Van bomb kills at least 11 in suspected militant attack

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Eleven people have been killed after a bomb-laden van driven by a suspected Abu Sayyaf militant blew up in the southern Philippines.

A soldier, five local militiamen and the driver were among the dead after a brazen attack that reignited terrorism fears in the region.

Military spokesman Lt Col Gerry Besana said six army scout rangers and another militiaman were wounded in the explosion after dawn outside an army outpost in Lamitan city.

Police inspect a vehicle at a military checkpoint where the bomb exploded
Road checkpoints have been set up (AP Photo/Christine Garcia)

Lt Col Besana said of the driver: “If he triggered the bomb, he was probably waiting for a more opportune time to inflict harm on a bigger number of people.

“That’s their death wish – the more, the merrier.”

The Philippine government condemned the terrorist attack, calling it a “war crime”.

An inspection of the bomb site
Government forces inspect the site of the blast (AP)

Militiaman Gregorio Inso, who survived but lost his wife in the blast, said the van was flagged down for inspection by his colleagues outside the militia outpost.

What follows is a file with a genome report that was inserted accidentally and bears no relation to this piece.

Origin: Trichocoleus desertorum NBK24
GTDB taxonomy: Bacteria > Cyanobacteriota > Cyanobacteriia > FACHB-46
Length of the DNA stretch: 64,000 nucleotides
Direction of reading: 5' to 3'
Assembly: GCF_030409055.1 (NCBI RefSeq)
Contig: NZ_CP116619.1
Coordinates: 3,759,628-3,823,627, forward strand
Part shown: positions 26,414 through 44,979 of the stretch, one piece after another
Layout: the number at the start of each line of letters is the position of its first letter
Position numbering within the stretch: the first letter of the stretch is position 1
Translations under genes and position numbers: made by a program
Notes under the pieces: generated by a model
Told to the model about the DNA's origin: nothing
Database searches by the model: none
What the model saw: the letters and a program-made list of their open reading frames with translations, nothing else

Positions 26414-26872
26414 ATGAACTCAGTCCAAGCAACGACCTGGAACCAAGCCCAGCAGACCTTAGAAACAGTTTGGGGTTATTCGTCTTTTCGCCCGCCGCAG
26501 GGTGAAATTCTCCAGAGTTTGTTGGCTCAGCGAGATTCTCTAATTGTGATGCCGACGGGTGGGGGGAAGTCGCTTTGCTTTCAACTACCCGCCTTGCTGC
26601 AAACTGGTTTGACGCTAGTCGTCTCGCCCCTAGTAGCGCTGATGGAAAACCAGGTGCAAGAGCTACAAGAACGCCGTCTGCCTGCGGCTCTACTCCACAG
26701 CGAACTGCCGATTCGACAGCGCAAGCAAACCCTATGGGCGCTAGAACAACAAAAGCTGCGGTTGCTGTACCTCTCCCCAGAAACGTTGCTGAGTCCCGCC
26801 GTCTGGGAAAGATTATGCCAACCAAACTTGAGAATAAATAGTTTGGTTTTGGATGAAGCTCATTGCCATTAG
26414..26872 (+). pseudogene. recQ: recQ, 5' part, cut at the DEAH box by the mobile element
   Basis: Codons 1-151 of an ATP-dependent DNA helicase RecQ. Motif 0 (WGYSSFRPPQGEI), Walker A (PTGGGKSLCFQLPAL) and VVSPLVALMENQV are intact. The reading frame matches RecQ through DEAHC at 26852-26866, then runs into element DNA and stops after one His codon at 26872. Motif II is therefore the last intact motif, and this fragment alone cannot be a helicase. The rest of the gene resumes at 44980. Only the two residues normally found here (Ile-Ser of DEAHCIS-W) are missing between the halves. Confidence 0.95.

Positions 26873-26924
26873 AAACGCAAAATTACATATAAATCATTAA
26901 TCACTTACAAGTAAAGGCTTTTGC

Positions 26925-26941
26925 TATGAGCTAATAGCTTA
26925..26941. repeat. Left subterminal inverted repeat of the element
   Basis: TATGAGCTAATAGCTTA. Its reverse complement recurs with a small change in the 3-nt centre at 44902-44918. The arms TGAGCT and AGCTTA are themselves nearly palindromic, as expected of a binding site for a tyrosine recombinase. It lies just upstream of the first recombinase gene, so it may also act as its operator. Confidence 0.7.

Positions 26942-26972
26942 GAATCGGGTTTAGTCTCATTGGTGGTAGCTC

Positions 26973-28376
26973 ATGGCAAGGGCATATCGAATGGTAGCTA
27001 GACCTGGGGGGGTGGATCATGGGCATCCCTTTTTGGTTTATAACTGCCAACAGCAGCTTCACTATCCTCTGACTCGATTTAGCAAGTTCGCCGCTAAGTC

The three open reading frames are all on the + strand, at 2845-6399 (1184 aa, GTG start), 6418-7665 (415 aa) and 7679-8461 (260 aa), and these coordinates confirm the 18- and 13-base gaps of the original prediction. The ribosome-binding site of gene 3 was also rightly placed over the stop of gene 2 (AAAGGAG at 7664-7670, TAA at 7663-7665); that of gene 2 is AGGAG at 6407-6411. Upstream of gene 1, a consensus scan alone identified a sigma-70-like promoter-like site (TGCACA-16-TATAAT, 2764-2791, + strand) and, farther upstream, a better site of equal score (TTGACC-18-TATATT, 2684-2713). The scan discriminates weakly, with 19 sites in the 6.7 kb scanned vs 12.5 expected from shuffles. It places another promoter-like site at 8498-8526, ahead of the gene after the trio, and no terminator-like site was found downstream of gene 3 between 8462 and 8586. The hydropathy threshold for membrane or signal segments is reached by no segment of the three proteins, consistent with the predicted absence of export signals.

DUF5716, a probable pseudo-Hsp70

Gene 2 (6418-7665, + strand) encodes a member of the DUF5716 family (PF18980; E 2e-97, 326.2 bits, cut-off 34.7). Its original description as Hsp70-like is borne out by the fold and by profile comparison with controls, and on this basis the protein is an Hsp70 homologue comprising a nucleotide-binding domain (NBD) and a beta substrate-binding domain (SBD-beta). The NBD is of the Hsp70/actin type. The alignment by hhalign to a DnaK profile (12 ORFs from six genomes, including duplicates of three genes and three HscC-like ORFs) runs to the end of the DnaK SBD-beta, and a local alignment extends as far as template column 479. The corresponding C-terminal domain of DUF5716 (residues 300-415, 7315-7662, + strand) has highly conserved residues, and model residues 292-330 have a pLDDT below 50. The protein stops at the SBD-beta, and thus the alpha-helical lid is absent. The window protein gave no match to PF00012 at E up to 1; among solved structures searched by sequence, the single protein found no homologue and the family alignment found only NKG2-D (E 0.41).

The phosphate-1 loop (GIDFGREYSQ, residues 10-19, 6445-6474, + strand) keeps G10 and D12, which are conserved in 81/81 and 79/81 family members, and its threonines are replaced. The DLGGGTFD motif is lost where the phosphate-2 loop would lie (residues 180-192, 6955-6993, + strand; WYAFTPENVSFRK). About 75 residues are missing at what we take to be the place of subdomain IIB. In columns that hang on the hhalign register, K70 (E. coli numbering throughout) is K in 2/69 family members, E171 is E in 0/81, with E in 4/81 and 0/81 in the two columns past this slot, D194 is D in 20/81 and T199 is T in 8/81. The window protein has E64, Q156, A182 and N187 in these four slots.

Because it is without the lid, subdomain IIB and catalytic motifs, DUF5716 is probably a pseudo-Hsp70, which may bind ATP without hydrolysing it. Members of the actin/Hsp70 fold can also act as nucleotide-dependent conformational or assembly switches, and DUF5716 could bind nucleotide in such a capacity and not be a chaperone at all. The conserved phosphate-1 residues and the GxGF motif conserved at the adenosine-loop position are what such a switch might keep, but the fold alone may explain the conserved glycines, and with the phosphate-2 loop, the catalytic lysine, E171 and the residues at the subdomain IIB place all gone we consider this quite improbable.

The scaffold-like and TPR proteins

When the driver apparently wanted to restart the engine, the militiamen looked inside and saw suspicious strands of wire inside the van and called a group of scout rangers.

“When the rangers were approaching, the vehicle suddenly exploded,” Mr Inso said. “When I looked again, everyone was dead.”

The aftermath of the blast
The blast has raised fears of terrorist activity in the southern Philippines (AP)

Government forces have also been put on alert in the south, the scene of decades-long Muslim separatist unrest, after President Rodrigo Duterte signed a new autonomy agreement last week with the biggest Muslim rebel group in the country.

The peace deal has been opposed by much smaller but violent extremist bands like Abu Sayyaf and others which have aligned themselves with Islamic State (IS).

The country’s south remains under martial law, which Mr Duterte declared last year to deal with a five-month siege by IS-linked militants in southern Marawi city that left more than 1,200 mostly militants dead, displaced hundreds of thousands of villagers and sparked fears that IS is gaining a foothold in south-east Asia as it faces defeat in Syria and Iraq.

Abu Sayyaf, which was founded in the late 1980s in Basilan, has been blacklisted by the US and the Philippines for bombings, ransom kidnappings and beheadings. It has been weakened by government offensives but remains a national security threat.

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